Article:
The Canadian Wireless Telecommunications Association says auto-dial options for 911 are unsafe and illegal in some provinces.“There is no reason why anyone should pre-program 911 into their phone,” says spokesman Marc Choma.He says parents should teach their children to dial 911, not assign it to a speed dial function on their home or cell phone.“If it’s speed dial number one at home, it’s not going to be speed dial number one at Grandma’s,” he explains.Long distance charges — Carmi Levy, a technology analyst from London, Ont., warns against slipping an unlocked phone into your pocket or purse.You could be accidentally dialing Auntie Mildred down in California and racking up expensive long distance minutes.She launched the study after finding the volume of emergency calls was up 120,000 in 2010 over 2009.So far, there have been no instances of real emergencies being neglected because call-takers were busy trying to find out if a butt dial is legitimate, but the phenomenon is taking up time and resources.Which begs the question: Where are people leaving their cell phones during close encounters? He would have picked up my call if he did, or at least called me back later.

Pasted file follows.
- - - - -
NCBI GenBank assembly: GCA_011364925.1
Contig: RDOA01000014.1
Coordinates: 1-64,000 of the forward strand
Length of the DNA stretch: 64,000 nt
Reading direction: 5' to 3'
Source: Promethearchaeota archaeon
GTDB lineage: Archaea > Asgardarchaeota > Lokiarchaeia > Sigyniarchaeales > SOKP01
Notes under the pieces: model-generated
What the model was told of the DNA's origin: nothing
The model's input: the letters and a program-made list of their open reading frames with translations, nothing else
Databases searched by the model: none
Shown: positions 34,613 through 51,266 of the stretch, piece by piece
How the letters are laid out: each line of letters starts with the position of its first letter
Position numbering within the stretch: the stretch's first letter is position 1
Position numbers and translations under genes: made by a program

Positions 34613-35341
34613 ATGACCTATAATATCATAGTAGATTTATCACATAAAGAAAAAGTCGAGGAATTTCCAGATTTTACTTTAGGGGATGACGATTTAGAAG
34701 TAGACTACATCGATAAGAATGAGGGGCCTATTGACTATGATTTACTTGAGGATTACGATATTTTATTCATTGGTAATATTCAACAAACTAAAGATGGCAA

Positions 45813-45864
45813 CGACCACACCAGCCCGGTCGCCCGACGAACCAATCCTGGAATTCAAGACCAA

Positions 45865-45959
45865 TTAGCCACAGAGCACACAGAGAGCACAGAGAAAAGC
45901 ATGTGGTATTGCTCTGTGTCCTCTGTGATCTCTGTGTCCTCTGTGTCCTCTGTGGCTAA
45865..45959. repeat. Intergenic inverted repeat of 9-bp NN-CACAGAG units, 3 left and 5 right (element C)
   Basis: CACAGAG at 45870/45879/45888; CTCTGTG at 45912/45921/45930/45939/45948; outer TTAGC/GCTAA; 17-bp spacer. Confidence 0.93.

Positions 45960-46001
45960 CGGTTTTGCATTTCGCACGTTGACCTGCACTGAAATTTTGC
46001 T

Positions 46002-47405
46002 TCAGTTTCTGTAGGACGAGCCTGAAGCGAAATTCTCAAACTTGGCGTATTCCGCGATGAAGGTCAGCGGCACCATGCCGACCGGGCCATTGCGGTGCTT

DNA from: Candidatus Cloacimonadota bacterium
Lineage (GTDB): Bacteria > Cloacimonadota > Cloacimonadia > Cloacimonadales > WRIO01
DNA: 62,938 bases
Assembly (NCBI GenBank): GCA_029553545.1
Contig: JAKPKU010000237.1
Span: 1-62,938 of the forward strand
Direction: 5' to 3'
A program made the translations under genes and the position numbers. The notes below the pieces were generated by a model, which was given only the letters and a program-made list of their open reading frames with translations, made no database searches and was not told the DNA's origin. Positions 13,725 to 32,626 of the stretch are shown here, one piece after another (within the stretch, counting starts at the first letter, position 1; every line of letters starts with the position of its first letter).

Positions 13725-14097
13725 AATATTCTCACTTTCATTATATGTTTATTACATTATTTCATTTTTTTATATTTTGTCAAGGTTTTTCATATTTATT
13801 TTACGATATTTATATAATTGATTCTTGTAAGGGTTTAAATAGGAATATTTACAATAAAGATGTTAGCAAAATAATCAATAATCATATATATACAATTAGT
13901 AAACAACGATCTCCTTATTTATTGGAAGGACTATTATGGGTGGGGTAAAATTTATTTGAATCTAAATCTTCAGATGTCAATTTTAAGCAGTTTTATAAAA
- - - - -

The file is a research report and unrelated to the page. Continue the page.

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“It sounds like the mall, maybe it’s just street noise,” says Judy Broomfield, 911 coordinator for the Toronto Police. An “unscientific” study found police were receiving an average of 300 “pocket dials” (also known as “butt dials”) every day.
Emergency call-takers are picking up the phone to hear dance clubs, construction sites or a baby gurgling. That’s 10 per cent of the total volume of calls to 911, says Broomfield.
defines the butt dial as: “When your cell phone accidentally calls someone you did not mean to while on your person.”Technology analyst Carmi Levy says the phenomenon is just unnecessary.“Imagine all the resources being consumed by this,” he says from his office in London, Ont.
“It’s a big issue and like most problems related to technology it’s one of behaviour more than anything else.”He says it’s quite simple to avoid: Lock your keypad or screen before putting your phone in your pocket, purse or holster.